No spoilers. Plot twists take you by surprise then seem inevitable, with people behaving in ways that are as completely in character as they are ill-advised. The forward momentum never falters. In the beginning the show seems deceptively like a sit-com. That would be fine. But it has a lot more on its mind. Quack is that rarest of projects, a fully realized commercial stage comedy that isn’t afraid to tackle moral ambiguity. This production is an unqualified success. I can easily imagine it on Broadway.

In five or ten years, even high schools could be staging productions. That is when you know you have written something for the ages. (Though that idea also calls to mind a high school production of A Chorus Line I once saw with a very pregnant 16-year-old student playing “Sheila.” When she asked, “Can the adults smoke?” it brought down the house for all the wrong reasons.)

Director Neel Keller does wonderful work here. His staging is inventive. The rhythm does not always follow the expected pace of comedy and that is part of what makes the evening so rich. The technical team is terrific, especially set designer Dane Laffrey, who brilliantly utilizes the theater’s turntable.

Dan Bucatinsky is superb as Baer, doing slow comic burns and taking no prisoners. He does not seem afraid of making the character unsympathetic, which, conversely, is what allows us to sympathize. He is a putz, but you don’t want him to lose everything. Jackie Chung manages an extraordinary feat as Kelly, embodying her anxious eagerness to please, but believably reaching a place where she can no longer deny her own value. You can imagine the role played broader, with more slapstick and adherence to supposedly tried-and-true methods of wringing humor out of every line. Ms. Chung is smarter than that. Her work is so resonant because she builds the performance with great skill and patience.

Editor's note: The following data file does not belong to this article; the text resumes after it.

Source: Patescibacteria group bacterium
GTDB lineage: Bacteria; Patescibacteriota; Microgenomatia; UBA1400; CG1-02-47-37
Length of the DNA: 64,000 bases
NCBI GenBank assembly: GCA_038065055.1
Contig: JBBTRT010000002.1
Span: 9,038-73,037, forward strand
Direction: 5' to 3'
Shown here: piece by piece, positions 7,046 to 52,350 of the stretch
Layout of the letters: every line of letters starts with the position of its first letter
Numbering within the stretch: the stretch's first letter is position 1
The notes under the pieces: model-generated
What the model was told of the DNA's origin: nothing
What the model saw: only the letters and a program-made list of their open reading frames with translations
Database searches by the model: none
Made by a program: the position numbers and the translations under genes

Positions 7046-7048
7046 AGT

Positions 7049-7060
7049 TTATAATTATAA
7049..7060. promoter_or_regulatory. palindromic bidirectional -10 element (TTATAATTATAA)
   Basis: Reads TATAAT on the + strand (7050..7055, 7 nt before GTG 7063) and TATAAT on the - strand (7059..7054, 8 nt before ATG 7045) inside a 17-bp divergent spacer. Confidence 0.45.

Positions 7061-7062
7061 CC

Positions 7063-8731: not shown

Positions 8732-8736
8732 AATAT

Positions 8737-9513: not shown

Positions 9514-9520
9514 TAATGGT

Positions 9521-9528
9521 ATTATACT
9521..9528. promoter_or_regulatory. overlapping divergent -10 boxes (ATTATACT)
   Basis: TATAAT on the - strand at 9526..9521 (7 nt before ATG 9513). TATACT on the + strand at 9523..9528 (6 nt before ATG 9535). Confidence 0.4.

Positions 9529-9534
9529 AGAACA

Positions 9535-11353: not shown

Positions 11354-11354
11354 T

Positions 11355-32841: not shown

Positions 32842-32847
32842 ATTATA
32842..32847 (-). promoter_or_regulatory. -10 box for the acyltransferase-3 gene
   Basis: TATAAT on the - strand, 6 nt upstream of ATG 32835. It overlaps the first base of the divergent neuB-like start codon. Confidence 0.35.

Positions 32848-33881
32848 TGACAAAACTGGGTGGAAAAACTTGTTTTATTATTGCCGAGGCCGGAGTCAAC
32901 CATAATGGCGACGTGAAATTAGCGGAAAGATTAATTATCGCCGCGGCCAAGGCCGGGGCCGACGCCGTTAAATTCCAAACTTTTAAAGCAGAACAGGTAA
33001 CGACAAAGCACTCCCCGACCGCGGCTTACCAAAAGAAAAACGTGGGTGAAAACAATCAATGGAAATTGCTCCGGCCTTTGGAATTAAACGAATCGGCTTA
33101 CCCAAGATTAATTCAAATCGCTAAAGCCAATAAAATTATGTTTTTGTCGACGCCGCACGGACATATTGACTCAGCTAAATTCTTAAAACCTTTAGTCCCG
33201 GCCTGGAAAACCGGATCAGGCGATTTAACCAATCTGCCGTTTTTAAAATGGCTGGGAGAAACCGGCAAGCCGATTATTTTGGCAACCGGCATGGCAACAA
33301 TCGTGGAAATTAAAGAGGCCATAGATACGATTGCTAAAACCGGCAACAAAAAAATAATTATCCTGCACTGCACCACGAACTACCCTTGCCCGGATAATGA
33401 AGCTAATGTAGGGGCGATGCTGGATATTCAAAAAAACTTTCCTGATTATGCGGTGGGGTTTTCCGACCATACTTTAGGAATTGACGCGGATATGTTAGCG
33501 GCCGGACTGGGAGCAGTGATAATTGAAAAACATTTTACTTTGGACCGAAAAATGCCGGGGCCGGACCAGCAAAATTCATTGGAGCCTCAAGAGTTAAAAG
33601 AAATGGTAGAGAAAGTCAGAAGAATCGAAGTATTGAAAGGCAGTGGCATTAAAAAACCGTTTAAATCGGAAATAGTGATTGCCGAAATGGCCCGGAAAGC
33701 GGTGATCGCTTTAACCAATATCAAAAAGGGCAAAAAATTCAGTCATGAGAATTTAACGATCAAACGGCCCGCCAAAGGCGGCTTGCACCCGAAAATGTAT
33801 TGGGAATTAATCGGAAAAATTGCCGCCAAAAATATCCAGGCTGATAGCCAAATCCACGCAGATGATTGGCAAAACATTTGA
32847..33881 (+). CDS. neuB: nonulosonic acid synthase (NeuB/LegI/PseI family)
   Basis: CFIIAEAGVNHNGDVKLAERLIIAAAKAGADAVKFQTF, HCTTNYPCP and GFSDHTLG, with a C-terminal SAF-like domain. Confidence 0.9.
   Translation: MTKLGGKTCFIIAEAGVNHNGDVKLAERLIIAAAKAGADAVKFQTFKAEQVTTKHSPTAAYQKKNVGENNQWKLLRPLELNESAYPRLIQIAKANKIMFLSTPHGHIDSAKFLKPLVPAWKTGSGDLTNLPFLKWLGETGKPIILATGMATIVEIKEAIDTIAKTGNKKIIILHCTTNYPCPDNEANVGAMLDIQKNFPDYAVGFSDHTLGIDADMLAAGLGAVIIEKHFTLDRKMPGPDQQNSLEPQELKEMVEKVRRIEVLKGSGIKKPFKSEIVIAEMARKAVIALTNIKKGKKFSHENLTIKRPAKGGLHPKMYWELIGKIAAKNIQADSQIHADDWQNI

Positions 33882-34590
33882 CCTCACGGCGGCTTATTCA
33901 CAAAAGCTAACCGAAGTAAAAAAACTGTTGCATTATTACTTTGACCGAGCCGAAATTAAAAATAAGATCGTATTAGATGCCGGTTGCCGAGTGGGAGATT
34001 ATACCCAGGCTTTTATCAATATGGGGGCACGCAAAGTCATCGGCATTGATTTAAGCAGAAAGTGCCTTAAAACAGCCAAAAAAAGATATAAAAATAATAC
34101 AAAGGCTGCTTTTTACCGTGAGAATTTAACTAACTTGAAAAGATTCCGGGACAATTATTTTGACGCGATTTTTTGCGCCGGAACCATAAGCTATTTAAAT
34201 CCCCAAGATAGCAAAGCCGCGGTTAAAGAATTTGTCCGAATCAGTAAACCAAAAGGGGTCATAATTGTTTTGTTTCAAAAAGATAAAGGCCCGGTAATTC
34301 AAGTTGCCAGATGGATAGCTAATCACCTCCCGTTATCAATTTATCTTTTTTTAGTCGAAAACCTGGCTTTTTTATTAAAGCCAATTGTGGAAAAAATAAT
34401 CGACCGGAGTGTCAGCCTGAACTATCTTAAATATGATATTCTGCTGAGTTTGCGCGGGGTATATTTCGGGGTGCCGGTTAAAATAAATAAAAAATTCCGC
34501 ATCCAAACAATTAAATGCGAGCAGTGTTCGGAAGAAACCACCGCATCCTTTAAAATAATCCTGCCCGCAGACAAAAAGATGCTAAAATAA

As Meredith, Jessalyn Gilsig plays such a perfect bitch that it is something of a shock when you start caring about the character. As with Mr. Bucatinsky, Ms. Gilsig gains sympathy by approaching her role without fear, embracing Meredith’s anger and selfishness, which, in turn, allows her moments of true self-awareness to have real impact.

Nicholar D’Agosto approaches Brock with ease, humor, and logic. You can easily imagine how this man with hateful views could come across as reasonable and fair-minded on television. You like him, then pinch yourself. Shoniqua Shandai is excellent as River, the plucky investigative reporter with her own secrets and lies. Ms Shandai is persuasive, but for me, River is one character where Ms. Clark loads the dice a little too much. River’s defense for essentially ruining Dr. Baer’s life is too glib. We know instantly that her reasons will turn out to be deeper and more personal.

No one other than Brock comes out ahead in this story. What Ms. Clark is getting at, though, is more than a tale of winners and losers. River ends up suffering far more devastating consequences than Baer. As a once-poor woman of color from a fly-over state, there’s no coming back for her. As a wealthy white man with tens of millions of dollars in the bank, Dr. Baer always has options. That he will find these options unpleasant is likely. That they will allow him to keep every bit of his wealth and privilege is clear. And awful. Quack leaves us a little freaked out. It perfectly reflects our world. God help us.

photos © 2018 Craig Schwartz Photography

Quack
Center Theatre Group
Kirk Douglas Theatre, 9820 Washington Blvd in Culver City
Tues-Fri at 8; Sat at 2 & 8; Sun at 1 & 6:30
ends on November 18, 2018
for tickets, call 213.628.2772 or visit CTG